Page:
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In case that’s been flying under your radar, Brazilians’ finger food game is just next level. From grilled cheese skewers, to chicken-and-cream-cheese fritters, to stuffed churros, it’s hard to beat the flavor, crispiness, and overall decadence of Brazilian snacks.
Our list of the best-tasting Brazilian snacks could go on forever… Yet since we don’t wanna make you too hungry, we’ve stopped at 30 items. That should still be enough for a feast, though!
Deep-Fried Savory Snacks
You can pin the fact that we deep-fry almost anything on the Portuguese, who first brought codfish fritters to our shores, or on Africans, who came up with black-eyed pea cakes. But the thing is deep-fried Brazilian snacks are perfect for every occasion, from children’s parties to happy hours, as drunk food, or simply as comfort food.
Just like most foreign dishes, we’ve upgraded this West African delicacy, which in its birthplace is a plain black-eyed pea dough fried in palm oil. In Northeastern Bahia, one of our blackest states, locals top it with vatapá (a seafood-based cream), dried shrimp, caruru (mashed okras), and sometimes even molho à campanha, a salsa that resembles pico de gallo.
If before visiting Bahia Brazilian cuisine tastes too bland for your liking, you’ll have countless chances to change your mind there. Bahians enjoy their food really hot!
2. Bolinho de Bacalhau
As I’ve never said Brazilians created all the snacks on our list, we’re including codfish fritters here, because why not? They’re common at happy hours and at the Christmas table. A drizzle of olive oil on top is a must.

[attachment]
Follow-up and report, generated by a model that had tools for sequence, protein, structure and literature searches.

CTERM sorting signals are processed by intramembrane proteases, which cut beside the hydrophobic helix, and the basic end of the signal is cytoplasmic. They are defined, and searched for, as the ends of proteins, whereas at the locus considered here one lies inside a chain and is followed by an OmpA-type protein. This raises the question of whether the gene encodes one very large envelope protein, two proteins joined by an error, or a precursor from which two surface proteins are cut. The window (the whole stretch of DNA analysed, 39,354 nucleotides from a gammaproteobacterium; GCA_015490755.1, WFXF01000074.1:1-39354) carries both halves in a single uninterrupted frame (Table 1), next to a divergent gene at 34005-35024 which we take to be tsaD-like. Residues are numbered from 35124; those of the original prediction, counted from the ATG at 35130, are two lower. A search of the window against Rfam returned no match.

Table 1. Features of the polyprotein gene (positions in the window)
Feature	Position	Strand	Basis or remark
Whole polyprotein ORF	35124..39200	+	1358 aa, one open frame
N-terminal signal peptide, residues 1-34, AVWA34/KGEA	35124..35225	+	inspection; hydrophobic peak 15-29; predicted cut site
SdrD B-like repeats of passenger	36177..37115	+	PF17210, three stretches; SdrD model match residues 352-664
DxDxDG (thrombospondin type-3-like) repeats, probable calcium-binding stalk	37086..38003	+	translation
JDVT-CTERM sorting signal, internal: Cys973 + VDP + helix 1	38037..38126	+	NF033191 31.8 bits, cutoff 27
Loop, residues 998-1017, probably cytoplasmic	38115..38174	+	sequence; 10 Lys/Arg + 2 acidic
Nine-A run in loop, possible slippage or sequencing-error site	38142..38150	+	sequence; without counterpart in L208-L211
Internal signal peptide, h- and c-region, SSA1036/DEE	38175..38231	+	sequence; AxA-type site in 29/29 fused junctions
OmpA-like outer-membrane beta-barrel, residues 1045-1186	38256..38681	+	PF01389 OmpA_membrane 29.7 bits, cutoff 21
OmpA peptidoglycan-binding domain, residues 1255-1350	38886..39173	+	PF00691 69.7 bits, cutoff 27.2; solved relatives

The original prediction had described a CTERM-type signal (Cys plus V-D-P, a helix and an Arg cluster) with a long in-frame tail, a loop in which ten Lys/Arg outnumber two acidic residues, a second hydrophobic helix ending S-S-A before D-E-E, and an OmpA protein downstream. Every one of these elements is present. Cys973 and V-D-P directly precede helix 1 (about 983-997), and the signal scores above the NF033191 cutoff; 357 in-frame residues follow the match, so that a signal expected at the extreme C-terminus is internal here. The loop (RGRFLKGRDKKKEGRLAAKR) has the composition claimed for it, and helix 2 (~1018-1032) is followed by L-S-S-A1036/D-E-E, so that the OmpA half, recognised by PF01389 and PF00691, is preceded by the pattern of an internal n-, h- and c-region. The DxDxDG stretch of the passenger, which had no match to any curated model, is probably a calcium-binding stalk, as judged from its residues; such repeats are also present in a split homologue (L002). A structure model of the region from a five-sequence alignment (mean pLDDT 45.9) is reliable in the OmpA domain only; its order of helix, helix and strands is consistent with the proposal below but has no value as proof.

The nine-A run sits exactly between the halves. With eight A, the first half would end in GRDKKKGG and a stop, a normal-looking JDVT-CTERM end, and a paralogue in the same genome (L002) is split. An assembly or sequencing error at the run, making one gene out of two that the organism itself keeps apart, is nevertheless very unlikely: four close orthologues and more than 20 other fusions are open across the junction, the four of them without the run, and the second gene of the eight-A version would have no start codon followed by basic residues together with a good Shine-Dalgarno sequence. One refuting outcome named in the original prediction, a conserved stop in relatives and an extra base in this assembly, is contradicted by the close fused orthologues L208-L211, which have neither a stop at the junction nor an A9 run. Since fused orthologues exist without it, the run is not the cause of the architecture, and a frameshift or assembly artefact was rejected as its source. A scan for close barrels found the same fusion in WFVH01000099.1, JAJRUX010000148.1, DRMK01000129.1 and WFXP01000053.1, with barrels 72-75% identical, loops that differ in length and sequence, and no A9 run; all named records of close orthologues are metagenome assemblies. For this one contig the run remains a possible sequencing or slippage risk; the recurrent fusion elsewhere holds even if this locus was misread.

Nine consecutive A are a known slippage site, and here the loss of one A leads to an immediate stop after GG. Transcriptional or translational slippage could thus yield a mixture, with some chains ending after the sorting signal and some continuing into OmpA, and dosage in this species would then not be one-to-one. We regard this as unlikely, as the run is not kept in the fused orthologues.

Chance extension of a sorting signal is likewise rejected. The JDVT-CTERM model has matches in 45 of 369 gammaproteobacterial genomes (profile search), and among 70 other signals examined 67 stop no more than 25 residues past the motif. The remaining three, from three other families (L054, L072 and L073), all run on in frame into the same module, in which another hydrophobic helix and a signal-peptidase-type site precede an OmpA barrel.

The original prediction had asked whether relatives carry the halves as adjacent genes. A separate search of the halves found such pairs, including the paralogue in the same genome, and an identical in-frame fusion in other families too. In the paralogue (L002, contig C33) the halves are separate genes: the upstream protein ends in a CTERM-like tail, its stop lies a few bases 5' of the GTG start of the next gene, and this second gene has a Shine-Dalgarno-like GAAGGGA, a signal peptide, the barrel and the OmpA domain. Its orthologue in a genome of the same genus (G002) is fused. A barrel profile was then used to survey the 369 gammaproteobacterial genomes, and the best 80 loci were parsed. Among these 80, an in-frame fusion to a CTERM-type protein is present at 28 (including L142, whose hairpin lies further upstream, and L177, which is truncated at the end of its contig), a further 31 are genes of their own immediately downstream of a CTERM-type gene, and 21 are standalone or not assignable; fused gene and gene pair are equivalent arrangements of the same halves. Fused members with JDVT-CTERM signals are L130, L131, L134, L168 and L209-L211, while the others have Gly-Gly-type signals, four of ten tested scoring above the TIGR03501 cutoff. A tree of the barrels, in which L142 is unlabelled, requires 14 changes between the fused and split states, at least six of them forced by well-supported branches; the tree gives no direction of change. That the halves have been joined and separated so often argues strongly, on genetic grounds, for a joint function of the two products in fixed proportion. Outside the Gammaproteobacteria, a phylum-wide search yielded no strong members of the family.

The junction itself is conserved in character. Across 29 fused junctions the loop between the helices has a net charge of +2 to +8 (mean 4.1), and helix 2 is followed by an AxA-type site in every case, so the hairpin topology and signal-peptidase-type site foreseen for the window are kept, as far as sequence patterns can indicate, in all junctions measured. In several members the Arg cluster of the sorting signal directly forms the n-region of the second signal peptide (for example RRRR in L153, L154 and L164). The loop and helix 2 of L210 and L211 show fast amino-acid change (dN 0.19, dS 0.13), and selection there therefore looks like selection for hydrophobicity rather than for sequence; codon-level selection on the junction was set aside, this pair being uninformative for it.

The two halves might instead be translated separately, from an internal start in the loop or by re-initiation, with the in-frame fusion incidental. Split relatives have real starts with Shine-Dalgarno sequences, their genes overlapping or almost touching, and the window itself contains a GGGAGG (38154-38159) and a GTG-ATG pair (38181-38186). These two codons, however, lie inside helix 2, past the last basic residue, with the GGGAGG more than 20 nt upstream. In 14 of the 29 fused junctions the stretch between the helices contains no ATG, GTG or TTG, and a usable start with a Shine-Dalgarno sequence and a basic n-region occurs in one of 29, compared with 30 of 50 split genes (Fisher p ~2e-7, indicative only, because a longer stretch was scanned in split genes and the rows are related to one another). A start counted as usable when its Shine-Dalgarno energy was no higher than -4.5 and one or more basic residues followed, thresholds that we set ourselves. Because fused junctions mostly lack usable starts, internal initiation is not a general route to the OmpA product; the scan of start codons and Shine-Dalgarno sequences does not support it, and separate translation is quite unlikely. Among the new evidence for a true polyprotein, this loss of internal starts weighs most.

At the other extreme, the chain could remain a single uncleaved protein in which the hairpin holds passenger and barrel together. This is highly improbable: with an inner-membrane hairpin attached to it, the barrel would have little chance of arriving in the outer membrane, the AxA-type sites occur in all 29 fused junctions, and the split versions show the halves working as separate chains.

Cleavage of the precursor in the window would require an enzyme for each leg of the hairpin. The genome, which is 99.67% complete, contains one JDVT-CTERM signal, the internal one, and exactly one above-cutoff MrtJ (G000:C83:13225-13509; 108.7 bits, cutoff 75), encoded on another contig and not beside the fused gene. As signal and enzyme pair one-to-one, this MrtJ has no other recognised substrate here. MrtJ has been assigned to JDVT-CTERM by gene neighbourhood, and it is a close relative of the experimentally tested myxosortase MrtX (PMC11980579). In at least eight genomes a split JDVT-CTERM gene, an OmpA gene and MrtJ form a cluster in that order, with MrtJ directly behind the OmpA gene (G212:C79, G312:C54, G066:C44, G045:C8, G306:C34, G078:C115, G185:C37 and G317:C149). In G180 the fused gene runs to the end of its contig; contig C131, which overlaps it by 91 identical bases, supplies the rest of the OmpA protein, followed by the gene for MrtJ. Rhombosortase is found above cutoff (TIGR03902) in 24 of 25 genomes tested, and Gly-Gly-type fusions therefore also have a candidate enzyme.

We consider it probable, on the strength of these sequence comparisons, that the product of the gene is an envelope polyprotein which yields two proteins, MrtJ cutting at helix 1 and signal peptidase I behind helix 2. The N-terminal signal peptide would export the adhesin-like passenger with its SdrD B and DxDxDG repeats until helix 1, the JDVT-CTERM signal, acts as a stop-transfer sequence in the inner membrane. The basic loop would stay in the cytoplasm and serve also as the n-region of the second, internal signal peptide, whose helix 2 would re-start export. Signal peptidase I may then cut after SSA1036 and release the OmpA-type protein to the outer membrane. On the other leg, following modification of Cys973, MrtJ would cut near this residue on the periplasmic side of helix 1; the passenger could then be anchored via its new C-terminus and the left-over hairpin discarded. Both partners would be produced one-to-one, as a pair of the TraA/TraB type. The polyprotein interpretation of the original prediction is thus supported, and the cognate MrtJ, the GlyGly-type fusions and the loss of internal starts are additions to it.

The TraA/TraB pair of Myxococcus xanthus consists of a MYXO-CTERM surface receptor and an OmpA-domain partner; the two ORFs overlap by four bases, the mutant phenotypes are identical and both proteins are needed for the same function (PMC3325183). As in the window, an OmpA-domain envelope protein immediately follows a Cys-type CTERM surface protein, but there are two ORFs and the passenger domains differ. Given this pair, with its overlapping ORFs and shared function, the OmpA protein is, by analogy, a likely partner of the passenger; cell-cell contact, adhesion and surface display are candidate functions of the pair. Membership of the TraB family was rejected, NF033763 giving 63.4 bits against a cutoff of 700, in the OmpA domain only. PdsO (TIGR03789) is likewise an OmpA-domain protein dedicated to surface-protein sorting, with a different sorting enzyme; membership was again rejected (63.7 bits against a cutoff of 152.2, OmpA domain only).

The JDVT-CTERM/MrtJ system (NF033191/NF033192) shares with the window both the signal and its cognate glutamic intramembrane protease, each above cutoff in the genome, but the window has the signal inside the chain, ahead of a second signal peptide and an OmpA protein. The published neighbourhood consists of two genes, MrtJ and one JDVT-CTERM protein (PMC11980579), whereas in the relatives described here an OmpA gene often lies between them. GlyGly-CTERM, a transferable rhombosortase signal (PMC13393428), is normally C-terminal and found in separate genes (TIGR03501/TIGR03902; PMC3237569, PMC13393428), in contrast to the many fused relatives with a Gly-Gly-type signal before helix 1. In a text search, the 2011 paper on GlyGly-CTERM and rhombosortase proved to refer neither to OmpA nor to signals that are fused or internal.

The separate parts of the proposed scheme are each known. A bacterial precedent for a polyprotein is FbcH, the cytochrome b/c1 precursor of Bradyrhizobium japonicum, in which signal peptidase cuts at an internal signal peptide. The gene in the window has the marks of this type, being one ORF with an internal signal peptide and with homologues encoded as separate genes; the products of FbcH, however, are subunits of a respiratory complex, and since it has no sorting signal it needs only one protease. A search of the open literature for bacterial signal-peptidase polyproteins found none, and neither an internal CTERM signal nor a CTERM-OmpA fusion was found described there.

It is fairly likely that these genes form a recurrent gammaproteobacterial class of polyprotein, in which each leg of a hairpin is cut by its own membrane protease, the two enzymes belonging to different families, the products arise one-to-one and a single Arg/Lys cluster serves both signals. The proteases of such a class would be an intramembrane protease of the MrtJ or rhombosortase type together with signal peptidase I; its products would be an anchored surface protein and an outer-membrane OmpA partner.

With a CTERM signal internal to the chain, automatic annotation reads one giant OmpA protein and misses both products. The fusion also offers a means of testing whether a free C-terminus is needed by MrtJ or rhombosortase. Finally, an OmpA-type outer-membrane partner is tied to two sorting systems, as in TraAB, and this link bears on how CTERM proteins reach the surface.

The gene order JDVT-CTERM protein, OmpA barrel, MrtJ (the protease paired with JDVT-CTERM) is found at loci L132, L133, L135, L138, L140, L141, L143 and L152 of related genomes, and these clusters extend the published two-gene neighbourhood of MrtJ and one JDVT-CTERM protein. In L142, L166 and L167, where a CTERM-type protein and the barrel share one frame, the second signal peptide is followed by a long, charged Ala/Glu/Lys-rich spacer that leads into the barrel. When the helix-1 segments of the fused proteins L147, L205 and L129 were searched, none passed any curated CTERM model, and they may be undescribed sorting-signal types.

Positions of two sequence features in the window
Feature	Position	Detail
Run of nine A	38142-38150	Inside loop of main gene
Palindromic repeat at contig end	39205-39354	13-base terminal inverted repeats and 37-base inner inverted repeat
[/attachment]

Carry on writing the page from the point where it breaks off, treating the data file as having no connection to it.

Pro tip: the more shapeless they look, the better. Spotlessly round bolinhos de bacalhau (sadly, such as the ones above — sigh) have either excessive potato or flour in the batter. Codfish is expensive in Brazil, so avoid ordering these fritters at nondescript places or you might be in for a surprise.
This is the without a doubt the ultimate Brazilian drunk food. A coxinha, which literally means “little thigh” is made from shredded chicken, which, together with cream cheese, is enveloped by a potato-based dough and breadcrumbs before being dipped into boiling oil. It’s roughly like a Sicilian arancino, minus the rice (and bigger).
Deep-fried empanadas, anyone? If I had to pick the quintessential Brazilian finger food, this would be it. You can find it in family gatherings, order it at the bar or from waterfront stands. At farmers’ markets, pasteis are typically almost one foot long and paired with sugarcane juice.
Fillings vary a lot, but 99% of the time they involve some fresh cheese. Japanese immigrants, who were trying to adapt spring rolls to locals’ tastes, first invented pasteis back in the 1940s. I guess it’s not up for debate that they succeeded!
Brazil has a 130-year-old Arab diaspora community (particularly Christian Lebanese) and about one million citizens of Arab descent. This left behind an impressive culinary heritage and a few decades-old restaurants.
Among the tons of dishes brought over by the Arabs, this ground beef fritter, enriched with boiled wheat groats and peppermint, is an all-time favorite. Stuffing it with Brazilian cream cheese or ricotta is a common improvement.
Other Savory Brazilian Snacks
Apart from pastéis, which are too good to stay confined to a specific environment, fried snacks normally aren’t treated as beach food. So that’s where the majority of the Brazilian snacks in this section fit seamlessly. They’re also great for those summer days when the mere thought of fried food makes you sweat.
6. Biscoito de Polvilho
While the ultimate Brazilian munchies come in many shapes, the most classic biscoitos de polvilho (i.e cassava starch puffs), sold by a brand called Globo, are ring-like. They’re extremely crunchy and airy and come in both sweet and savory options.